I drag myself over to the sink with Zipporah who is holding onto my leg wailing “UPPY! UPPY!”

I wash my hands, pick her up and give her a hug. “Mommy loves you Zipporah. I had to wash my hands so I don’t give you germs. I’m sorry. Your sister is sick.”

After I give her some quick  cuddles, I turn to my poor screaming baby and pick him up finally. I kiss his sweet face and nurse him. He settles in happily, finally getting what he needed.

Now I go to sit back at the table and realize that my tea and soup are luke warm. Sigh.

I give up on the soup which was already reheated twice that day and I bring my untouched tea to Liora because she needs to replenish her fluids.

My oldest daughter Noemi wants to play a game with me, she wants to take out her microscope and do some science with me. She wants me, her mother, to just sit and be with her.

When one child is sick, it can be so difficult to meet the needs of the other small children (and babies) who need you!

I was very close to my grandmother Rose, and talked to me right before her death about how she adored my babies and she thought I was a wonderful mom; but she warned me that it would be so hard to meet all their needs if I had more.

She wasn’t negative towards me having more, but she knew something I didn’t know yet. She told me that “you will miss some things” even when you don’t mean to. My grandmother raised 6 children, and so she knew this struggle.

She was right.

It is hard to strech yourself out enough to be present for each child, each day. The truth is that we have to go by who needs us the most at what time. I try to be fair, but I know I won’t always get it right.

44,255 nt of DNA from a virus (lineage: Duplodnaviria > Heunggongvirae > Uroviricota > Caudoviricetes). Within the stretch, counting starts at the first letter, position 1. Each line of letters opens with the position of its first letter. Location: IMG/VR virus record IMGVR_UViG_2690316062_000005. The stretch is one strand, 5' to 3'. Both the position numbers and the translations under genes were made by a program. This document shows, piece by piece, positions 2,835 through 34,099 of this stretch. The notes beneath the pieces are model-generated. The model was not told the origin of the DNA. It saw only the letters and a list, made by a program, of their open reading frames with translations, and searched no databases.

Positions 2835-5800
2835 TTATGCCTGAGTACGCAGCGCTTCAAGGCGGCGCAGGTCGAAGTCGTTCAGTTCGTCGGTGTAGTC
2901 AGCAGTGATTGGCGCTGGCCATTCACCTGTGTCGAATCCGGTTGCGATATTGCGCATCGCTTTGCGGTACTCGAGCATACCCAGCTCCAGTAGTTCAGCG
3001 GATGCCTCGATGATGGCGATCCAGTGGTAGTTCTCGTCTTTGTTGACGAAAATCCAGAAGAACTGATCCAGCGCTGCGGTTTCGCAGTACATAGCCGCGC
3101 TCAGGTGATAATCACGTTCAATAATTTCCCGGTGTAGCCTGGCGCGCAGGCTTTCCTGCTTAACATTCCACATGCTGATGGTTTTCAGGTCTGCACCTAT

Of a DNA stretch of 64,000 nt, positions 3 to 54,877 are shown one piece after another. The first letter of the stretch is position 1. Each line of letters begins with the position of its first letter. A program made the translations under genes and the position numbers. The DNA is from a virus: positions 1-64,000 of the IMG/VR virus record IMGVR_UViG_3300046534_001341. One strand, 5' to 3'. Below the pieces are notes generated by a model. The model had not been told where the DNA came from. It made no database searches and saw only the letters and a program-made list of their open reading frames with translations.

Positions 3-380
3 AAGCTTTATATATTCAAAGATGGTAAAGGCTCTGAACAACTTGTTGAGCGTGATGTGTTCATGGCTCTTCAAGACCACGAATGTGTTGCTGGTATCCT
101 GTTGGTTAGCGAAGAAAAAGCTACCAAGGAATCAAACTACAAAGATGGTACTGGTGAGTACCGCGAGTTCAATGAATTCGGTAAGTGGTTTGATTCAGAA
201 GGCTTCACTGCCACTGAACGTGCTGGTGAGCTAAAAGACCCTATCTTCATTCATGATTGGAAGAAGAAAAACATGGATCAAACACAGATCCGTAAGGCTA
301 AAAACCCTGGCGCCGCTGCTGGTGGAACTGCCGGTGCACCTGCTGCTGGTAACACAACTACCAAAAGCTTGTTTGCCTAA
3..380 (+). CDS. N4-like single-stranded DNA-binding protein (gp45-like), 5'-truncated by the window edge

That is why I am doing my best to forge a relationship based on strong communication with each of my children. It starts with babyhood, when I am in tune and receptive to their needs. And it changes as they age.

My 5 year old Noemi took me aside this evening and said to me “mommy, you were with Liora today…no time for me”

I felt sad that she didn’t feel like I was with her today, but I was so thankful that she was able to tell me! She trusts me to enough to tell me. She trusts me enough to know I will do something about it.

Fernando has off of work tomorrow, so Noemi and I will do something together just the two of us. Daddy will stay home with poor sick Liora, and watch the youngest two. Noemi and mommy will do something special together.

I will come home and I will have 3 more little ones with BIG needs. I will do my best to be there for each of them.

Mothering means that my laundry didn’t get folded today, and I didn’t shower until the afternoon.

Mothering means focusing on the little people in my life over things.

Mothering means being needed, a lot; and seeking to meet those needs while recharging for myself too.

Whew. Time for sleep.

(Until my 4 year old wakes up and gets sick on her bed)

Our first month homeschooling kindergarten!

Soooo…our first homeschool year has begun this month. My oldest child is 5 years old, so she is officially a kindergartner. I also have my nearly 4-year-old daughter doing preschool and a 2-year-old. All of this while 9 months pregnant! I am less than 2 weeks from my “due date” and I have been experiencing a lot of prodromal labor (i.e very slow going early labor). Yet, here we are starting our “official” schooling journey.

This has been a learning experience for me too. I have not been as organized as I imagined I would be. We are basically unschooling, along with a general schedule and a list of the subjects we will cover each week. That said, I am really pleasantly surprised by how much my children have been learning in this more casual style of school. The girls are all very young yet, so I consider imaginative play and a lot of outdoor exploration to be just as important as workbooks and more traditional schoolwork.

Both my 5 year old and my preschooler have been doing math randomly, every day, without any prompting on my part. They will frequently take objects from the kitchen table, or toys from their bins, and then proudly explain to me how many they have left when some are taken away and how many more they have when some are added. I went over more traditional math lessons with them a few times, covering basic subtraction and addition, but now they are taking those lessons and using them during the day by themselves!